14 December 2016

Christmas: the season of novelty gifts, cracker toys and reams of packaging all destined for landfill? Not if the EU's Circular Economy package of measures, being developed during 2017, succeeds in its ambitions.

What is the Circular Economy?

The Circular Economy aims to keep resources in use for as long as possible, in a bid to achieve sustainable growth. Supporters say it will boost the EU’s competitiveness by protecting businesses against volatile resource prices, helping to create new business opportunities and innovative, efficient ways of producing and consuming. It will also help to create jobs, save energy and avoid the irreversible damage caused by using natural resources at a much higher rate than they can be renewed.

The EU Commission’s Circular Economy Package has recently revised legislative proposals on waste, setting clearer targets for the reduction of waste and providing ambitious steps to target waste management and recycling.

What will these changes mean?

The Circular Economy Package sets high level targets for Member States, but the precise mechanisms for achieving the demanding targets are yet to be seen. Defra is keen to promote the positive 'carrots' and calculates that UK businesses may be able to benefit by up to £23 billion per year, through making low cost (or no cost) improvements to using resources efficiently. However, if the ambitious targets are to be met, we can also anticipate one or two 'sticks'. Measures might include producer responsibility regimes where those putting items on the market must factor in the end-of-life disposal costs, compulsory measures on product design, further measures on labelling, or even fiscal measures on resource use.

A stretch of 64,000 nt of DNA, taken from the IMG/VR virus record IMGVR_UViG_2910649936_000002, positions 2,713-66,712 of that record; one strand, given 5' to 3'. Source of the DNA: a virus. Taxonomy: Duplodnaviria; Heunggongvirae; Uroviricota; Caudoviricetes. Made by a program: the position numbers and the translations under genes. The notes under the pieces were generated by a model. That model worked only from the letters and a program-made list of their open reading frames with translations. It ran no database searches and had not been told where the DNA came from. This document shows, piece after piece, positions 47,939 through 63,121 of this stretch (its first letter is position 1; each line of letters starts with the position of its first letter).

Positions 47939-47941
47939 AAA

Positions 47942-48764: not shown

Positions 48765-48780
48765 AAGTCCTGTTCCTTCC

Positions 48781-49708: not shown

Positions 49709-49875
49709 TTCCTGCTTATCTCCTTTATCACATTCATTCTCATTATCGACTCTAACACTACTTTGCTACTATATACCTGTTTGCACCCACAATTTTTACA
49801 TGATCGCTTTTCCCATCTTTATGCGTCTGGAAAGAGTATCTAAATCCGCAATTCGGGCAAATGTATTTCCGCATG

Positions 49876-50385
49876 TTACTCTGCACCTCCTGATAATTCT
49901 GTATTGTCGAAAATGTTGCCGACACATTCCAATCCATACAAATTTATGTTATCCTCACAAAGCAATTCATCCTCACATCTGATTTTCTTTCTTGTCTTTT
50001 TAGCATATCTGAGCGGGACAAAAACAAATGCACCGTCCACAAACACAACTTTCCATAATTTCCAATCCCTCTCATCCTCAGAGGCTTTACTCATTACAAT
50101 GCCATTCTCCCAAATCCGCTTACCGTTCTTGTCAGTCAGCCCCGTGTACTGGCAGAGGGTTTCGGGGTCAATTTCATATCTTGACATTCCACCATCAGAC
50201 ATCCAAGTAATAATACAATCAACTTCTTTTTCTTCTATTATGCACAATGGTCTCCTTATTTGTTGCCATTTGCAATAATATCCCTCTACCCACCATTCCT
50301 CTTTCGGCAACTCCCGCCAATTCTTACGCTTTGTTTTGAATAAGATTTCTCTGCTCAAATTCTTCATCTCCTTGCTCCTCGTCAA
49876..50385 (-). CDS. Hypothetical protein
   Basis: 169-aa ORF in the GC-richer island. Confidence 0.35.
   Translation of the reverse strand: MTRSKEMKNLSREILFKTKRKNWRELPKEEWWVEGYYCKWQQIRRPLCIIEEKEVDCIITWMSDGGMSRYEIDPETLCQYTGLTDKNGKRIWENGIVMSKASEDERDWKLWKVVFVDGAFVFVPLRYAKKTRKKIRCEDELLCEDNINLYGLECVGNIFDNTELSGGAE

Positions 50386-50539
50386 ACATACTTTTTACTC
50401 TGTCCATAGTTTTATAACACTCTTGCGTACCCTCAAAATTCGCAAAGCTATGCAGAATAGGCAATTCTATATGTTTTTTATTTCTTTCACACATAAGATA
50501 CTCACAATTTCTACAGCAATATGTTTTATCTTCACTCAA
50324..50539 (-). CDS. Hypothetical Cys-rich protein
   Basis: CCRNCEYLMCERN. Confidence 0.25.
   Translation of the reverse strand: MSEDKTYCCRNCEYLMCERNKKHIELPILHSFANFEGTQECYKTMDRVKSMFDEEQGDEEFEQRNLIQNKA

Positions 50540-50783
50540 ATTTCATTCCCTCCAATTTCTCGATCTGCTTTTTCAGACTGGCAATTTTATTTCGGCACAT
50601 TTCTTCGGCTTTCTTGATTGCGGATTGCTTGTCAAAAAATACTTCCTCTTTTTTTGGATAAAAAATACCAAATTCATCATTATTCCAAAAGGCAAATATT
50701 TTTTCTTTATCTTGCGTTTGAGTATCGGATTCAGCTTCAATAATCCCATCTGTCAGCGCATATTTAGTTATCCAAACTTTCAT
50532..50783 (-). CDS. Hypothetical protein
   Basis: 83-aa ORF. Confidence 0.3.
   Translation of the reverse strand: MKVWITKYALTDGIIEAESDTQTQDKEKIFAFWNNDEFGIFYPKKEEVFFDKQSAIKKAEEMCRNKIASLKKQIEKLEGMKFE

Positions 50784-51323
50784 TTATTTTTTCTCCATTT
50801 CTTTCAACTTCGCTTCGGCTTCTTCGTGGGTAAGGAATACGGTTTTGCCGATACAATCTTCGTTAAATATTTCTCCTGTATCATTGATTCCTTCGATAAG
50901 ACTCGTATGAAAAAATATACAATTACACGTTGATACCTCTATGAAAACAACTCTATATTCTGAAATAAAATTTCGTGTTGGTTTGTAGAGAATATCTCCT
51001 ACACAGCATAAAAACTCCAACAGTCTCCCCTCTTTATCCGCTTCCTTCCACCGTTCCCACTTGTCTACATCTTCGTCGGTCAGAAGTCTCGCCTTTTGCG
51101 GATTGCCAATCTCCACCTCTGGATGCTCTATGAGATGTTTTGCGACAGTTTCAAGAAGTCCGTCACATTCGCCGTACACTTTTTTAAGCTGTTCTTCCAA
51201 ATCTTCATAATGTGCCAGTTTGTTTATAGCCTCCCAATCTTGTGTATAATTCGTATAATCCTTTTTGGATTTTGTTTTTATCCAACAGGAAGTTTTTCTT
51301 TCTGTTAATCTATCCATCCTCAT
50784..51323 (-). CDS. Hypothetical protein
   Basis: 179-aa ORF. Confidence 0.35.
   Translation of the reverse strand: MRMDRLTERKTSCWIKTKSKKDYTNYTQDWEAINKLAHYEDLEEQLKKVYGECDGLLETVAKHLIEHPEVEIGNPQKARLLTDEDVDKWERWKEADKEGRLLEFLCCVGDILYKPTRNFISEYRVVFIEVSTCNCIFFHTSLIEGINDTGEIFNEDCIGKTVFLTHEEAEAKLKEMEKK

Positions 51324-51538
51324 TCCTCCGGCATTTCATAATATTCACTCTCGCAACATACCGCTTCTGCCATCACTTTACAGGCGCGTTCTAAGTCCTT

Given the link between resource use and cost, early movers are likely to benefit from efficiency savings and positive brand messaging. Many businesses are already thinking about improving product design, to make objects more durable and easier to repair and recycle, and reviewing production processes in order to reduce the resources used and to limit the generation of waste. Reducing energy, water and raw material use is an essential first step but there are wider opportunities too: we are working with clients who are recycling waste streams into innovative products and using the regulatory regimes to develop new markets.

However, as with all regulatory regimes, there are winners and losers. As well as regulatory enforcement and sanctions for non-compliance, we can expect issues of brand protection for those named and shamed, and potential supply chain disputes as the use of resources is disrupted by the Circular Economy in action.

Burges Salmon’s environmental law specialists will continue to advise clients on developments in the Circular Economy throughout 2017.

If you would like to discuss any of the aspects covered in this article, please contact Michael Barlow or another member of our environmental disputes specialist team.

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Michael Barlow

Michael Barlow Partner

  • Head of Environment
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